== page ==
This weekend we celebrate Fathers Day, and we’ve decided to talk about one mother of a father, in the only way this column knows how.
To properly set up this piece we must first travel back, all the way back, to 1978, to a high school locker room after gym class. The guys are toweling off, putting on their clothes, splashing themselves with toxic amounts of Hai Karate cologne and discussing what happened to all their fathers.
Chucky was the first to pipe in. “Aw yeah, my dad left my mom for the secretary with huge knockers and took off for Aruba. How about you, Jake?”
“At least your story is respectable,” Jake replied. “My dad got busted at a disco snorting cocaine off of some dude’s chest.” All eyes train upon the other seemingly fatherless kid in the class. “What happened to your dad, Neary?”
“He hitched a ride with aliens and jumped on their spaceship,” young Brad Neary replied, after which the other youths, believing Neary was mocking them, grabbed him and proceeded to dunk his head in the toilet.
Come on, you know it. I know it. By now everybody knows it. Steven Spielberg’s 1977 entry Close Encounters of the Third Kind is one of the most revered, beloved, special-effects-laden films about a deadbeat dad ever made. Back on it’s initial release in the ’70s, few paid much attention to that aspect, that the spaceman-spellbound Roy Neary went nuts, took a manic drive to nowhere, jumped on board a spaceship and left three kids and a wife behind.
At the start of the film, it is made clear that Roy Neary (Richard Dreyfuss) was something of a dreamer, with his Disneyland asperations and his model train set. He probably never saw for himself the mundane power company job he got stuck with, or that irritating wife (played in the movie by Teri Garr) who actively wonders why Roy won’t shake them sheets like he used to. The viewer adds in subtext where it probably ought not be, how Ronnie was probably his “first” and before you could say, “Oops, I guess the rhythm method really is a load of BS,” he was up to his nuts in domestic concerns.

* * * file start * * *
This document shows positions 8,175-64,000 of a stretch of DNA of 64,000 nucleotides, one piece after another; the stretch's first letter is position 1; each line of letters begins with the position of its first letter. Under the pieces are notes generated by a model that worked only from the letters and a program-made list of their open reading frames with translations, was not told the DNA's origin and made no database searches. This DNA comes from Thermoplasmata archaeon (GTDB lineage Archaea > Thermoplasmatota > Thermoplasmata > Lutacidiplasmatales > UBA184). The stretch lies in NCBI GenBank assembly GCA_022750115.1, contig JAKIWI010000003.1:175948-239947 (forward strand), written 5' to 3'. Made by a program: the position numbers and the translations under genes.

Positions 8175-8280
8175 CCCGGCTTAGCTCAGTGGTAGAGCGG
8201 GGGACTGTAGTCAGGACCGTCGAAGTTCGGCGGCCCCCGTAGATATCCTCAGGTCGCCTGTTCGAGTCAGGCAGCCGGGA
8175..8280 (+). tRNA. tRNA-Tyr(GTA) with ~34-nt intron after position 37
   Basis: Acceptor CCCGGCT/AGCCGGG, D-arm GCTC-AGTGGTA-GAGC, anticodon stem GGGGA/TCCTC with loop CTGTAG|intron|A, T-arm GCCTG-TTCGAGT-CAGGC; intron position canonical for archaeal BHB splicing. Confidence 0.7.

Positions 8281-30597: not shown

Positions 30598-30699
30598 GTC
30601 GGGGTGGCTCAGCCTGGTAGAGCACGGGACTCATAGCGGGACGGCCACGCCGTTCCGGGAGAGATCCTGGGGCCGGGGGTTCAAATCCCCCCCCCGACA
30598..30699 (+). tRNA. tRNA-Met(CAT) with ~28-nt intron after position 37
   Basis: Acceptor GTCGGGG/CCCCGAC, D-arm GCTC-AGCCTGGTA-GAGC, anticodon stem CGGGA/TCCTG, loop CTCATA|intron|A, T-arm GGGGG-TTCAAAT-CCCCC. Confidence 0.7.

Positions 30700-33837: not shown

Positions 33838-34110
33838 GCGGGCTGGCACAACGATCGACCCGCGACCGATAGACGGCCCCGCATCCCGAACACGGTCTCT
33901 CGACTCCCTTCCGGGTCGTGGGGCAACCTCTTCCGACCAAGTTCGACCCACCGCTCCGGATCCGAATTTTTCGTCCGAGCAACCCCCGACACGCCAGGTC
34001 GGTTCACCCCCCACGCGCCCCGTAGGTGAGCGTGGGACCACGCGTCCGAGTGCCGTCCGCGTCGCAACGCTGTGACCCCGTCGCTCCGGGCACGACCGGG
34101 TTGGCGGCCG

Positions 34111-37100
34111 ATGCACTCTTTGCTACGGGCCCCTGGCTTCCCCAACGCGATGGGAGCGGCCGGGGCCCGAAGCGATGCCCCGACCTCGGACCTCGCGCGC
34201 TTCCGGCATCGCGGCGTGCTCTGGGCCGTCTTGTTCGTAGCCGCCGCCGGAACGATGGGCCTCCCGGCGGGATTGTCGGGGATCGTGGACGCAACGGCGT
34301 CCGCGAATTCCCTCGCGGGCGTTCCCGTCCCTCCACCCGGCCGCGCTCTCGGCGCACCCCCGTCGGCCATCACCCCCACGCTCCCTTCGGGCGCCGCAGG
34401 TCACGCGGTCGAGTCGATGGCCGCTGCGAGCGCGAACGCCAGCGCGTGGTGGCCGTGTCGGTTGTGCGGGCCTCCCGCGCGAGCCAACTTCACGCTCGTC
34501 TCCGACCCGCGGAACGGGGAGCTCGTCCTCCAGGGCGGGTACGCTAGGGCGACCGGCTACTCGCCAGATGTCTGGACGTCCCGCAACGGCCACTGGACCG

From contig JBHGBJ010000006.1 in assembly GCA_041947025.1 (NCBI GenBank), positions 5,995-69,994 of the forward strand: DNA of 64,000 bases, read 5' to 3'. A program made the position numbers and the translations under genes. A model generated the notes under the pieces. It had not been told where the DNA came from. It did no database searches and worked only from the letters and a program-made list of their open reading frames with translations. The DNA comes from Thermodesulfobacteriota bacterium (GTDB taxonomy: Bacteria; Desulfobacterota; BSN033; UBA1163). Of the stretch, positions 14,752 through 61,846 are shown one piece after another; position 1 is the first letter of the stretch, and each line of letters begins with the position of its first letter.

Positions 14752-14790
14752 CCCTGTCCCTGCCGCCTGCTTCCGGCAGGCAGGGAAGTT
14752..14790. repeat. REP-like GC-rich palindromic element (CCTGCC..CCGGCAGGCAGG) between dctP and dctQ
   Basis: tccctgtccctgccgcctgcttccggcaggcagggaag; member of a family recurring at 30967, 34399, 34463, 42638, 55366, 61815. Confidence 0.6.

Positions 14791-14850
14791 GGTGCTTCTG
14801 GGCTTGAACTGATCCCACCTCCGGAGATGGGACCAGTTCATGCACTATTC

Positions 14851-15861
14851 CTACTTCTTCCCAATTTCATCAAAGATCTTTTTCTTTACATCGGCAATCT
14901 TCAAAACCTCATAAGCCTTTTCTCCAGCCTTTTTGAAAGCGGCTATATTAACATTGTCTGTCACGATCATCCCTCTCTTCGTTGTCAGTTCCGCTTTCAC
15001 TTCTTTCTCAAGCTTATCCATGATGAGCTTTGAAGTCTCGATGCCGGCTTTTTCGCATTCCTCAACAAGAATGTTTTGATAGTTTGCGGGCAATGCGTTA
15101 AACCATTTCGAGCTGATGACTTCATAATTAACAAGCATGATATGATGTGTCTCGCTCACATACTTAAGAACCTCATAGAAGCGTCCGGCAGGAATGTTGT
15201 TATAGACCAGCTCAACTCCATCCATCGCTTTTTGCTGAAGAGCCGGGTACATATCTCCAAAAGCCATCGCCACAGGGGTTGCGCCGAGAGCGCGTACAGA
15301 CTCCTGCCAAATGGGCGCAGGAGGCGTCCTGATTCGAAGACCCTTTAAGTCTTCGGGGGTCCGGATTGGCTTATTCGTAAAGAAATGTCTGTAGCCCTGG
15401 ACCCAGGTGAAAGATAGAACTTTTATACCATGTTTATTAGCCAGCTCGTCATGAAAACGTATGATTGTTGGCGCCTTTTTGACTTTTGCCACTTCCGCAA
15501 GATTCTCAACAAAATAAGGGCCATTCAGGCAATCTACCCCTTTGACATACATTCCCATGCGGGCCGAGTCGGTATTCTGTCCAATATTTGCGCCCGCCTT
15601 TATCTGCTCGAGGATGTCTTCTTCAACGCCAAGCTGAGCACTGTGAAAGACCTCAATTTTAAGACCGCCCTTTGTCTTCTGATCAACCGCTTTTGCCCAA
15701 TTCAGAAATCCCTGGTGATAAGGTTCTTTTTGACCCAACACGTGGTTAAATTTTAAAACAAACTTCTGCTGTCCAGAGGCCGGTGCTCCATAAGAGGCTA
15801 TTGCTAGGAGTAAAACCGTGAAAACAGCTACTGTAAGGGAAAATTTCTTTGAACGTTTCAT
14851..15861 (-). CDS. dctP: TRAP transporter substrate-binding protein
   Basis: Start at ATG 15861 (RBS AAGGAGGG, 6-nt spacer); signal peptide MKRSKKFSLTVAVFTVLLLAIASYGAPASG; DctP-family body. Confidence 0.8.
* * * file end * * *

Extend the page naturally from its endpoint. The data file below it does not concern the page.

The thing I find delightful about Close Encounters is that the kids are lovably unlikeable in the film. They tend to whine and fight a lot, they talk over each other and repeat themselves just to make sure you heard them.
I said, they repeat themselves just to make sure you heard them.
In the supplemental materials for the DVD set, and later Blu-ray set, Dreyfuss admits a bit of his own confusion creeping onto the set as he had lobbied for his nephew Justin to play son Toby in the movie. After a while, who was who and what their relationships really were started getting jumbled, causing Dreyfuss a severe bit of existential angst. The point is that somehow, in spite of the multitude of shiny-eyed Disney kids, and TV ready tadpoles of that time, this brood seemed real, and really obnoxious, and I love the movie even more for it.
And yes, I do love Close Encounters even though it is ultimately about a guy who up and abandons his kids. There has been much controversy about the circumstances surrounding that bit in the script, as least in the aspect that screenwriter Paul Schrader has often claimed he wrote a large portion of it and never got credit. That makes him one of a pretty tall list of contributors to the text which also includes Jerry Belson, David Giler, and Dragonslayer team Hal Barwood & Matthew Robbins.
There is one thread that, even with such a stew of cinematic spermatozoa involved, belongs strictly to Spielberg. When paired up against other movies like (more recently) the dysfunctional relationships between Henry Sr., Indiana Jones and his son Mutt, and his own life story, there was little chance Close Encounters would have happened any other way. Look to E.T. The Extraterrestrial for more clues, as Elliot’s dad did in fact ditch mom for the “secretary with the big knockers.” In a sense, Spielberg has been working out his complicated relationship with his own dad all these years, built into the subtext of the movies he has made.
I can’t watch Close Encounters the same way like I used to, back when the neon ice cream cones were zooming around the roads and the demon lights were tearing the hell up out of kitchens all to abduct a little kid. The thrills remain but are temporary. Once Roy Neary has jumped on board to be with his new family, totally tossing aside his old one, he no longer seems like a heroic dreamer anymore. He seems like a selfish S.O.B. that went off to “find himself” at the expense of those he left behind.
For the life of me, while the movie says an awful lot of things, I think this is precisely what Spielberg actually meant at the time.